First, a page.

Fàilte! (Welcome!)

Fàilte! (Welcome!)
This blog is the result of my ongoing research into the people, places and events that have shaped the Western Isles of Scotland and, in particular, the 'Siamese-twins' of Harris and Lewis.
My interest stems from the fact that my Grandfather was a Stornowegian and, until about four years ago, that was the sum total of my knowledge, both of him and of the land of his birth.
I cannot guarantee the accuracy of everything that I have written (not least because parts are, perhaps, pioneering) but I have done my best to check for any errors.
My family mainly lived along the shore of the Sound of Harris, from An-t-Ob and Srannda to Roghadal, but one family 'moved' to Direcleit in the Baighs...

©Copyright 2011 Peter Kerr All rights reserved

Sunday, 22 August 2010

Stornoway's Druggists

The term 'Pharmacist' is not found in the 1841-1901 censuses but the alternative 'Druggist' is:

Alexander Macpherson, 33, Grocer & Druggist, Bayhead St, b. Gairloch, Ross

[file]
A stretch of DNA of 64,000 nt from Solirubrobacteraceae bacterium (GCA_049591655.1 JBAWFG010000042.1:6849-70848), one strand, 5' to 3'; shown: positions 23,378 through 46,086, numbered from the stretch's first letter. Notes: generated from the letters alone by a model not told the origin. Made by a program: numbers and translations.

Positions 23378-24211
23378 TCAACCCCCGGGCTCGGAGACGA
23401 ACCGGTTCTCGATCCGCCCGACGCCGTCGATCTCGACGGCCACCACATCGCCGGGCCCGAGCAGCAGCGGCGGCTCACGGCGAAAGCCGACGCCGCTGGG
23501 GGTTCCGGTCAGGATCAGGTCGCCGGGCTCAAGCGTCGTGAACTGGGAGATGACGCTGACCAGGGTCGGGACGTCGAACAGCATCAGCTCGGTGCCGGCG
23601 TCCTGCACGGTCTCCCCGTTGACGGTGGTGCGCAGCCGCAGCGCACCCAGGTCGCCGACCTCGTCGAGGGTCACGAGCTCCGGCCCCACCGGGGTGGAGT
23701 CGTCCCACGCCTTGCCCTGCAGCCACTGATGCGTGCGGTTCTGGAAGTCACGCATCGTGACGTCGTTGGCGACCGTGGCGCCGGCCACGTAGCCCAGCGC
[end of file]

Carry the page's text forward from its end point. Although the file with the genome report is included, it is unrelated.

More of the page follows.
Neil Clapperton, 18, Druggist Assistant, Bayhead St, b. Oban, Argleshire

Alexander Mcpherson, 43, Druggist, 7 Francis St, b. Gairloch

Alexander Mcpherson, 53, Druggist & Bookseller, 33, Kenneth St, b. Gairloch
Donald Mcaulay, 18, Shopman (Druggist & Bookseller), Apprentice, b. Uig, Ross-shire
Alexander Mckenzie, 14, Shopman (Druggist & Bookseller), Apprentice, b, Ardnamurchan, Argyleshire

Alexander McPherson, 63, Druggist & Book Seller, 48, Point St, b. Gairloch
Donald Murray, 18, Druggist Salesman, Inaclete No 20, b. Stornoway

Thomas C Henderson, 25, Chemist & Druggist, 78, Keith St, b. Alyth, Perth

Roderick Smith, 28, Chemist & Druggist, 33 Newton St, b. Stornoway

We can see that Alexander Macpherson was the town's 'Druggist' for at least the 30-year period of 1851-1881, from the making of the first synthetic dye, 'Perkin's Mauve', to Mendeleev's brilliant innovation of the Periodic Table and beyond. The field of medicine was making giant strides in understanding and combating disease and the 'Druggist' played a significant role in improving public health, preparing many of the lotions and potions in his shop using a huge variety of ingredients ranging from herbs collected from the wild to refined chemicals. It must have been an exciting (perhaps one might even say 'intoxicating'?) time to be performing this role. The pace of change would have been even greater during the time of his two successors.

Note: The end of the 19thC also sees the first Chemists in Stornoway since the days of the Lewis Chemical Works (1852-1874) and I shall endeavour to examine them in my next piece.

No comments:

Post a Comment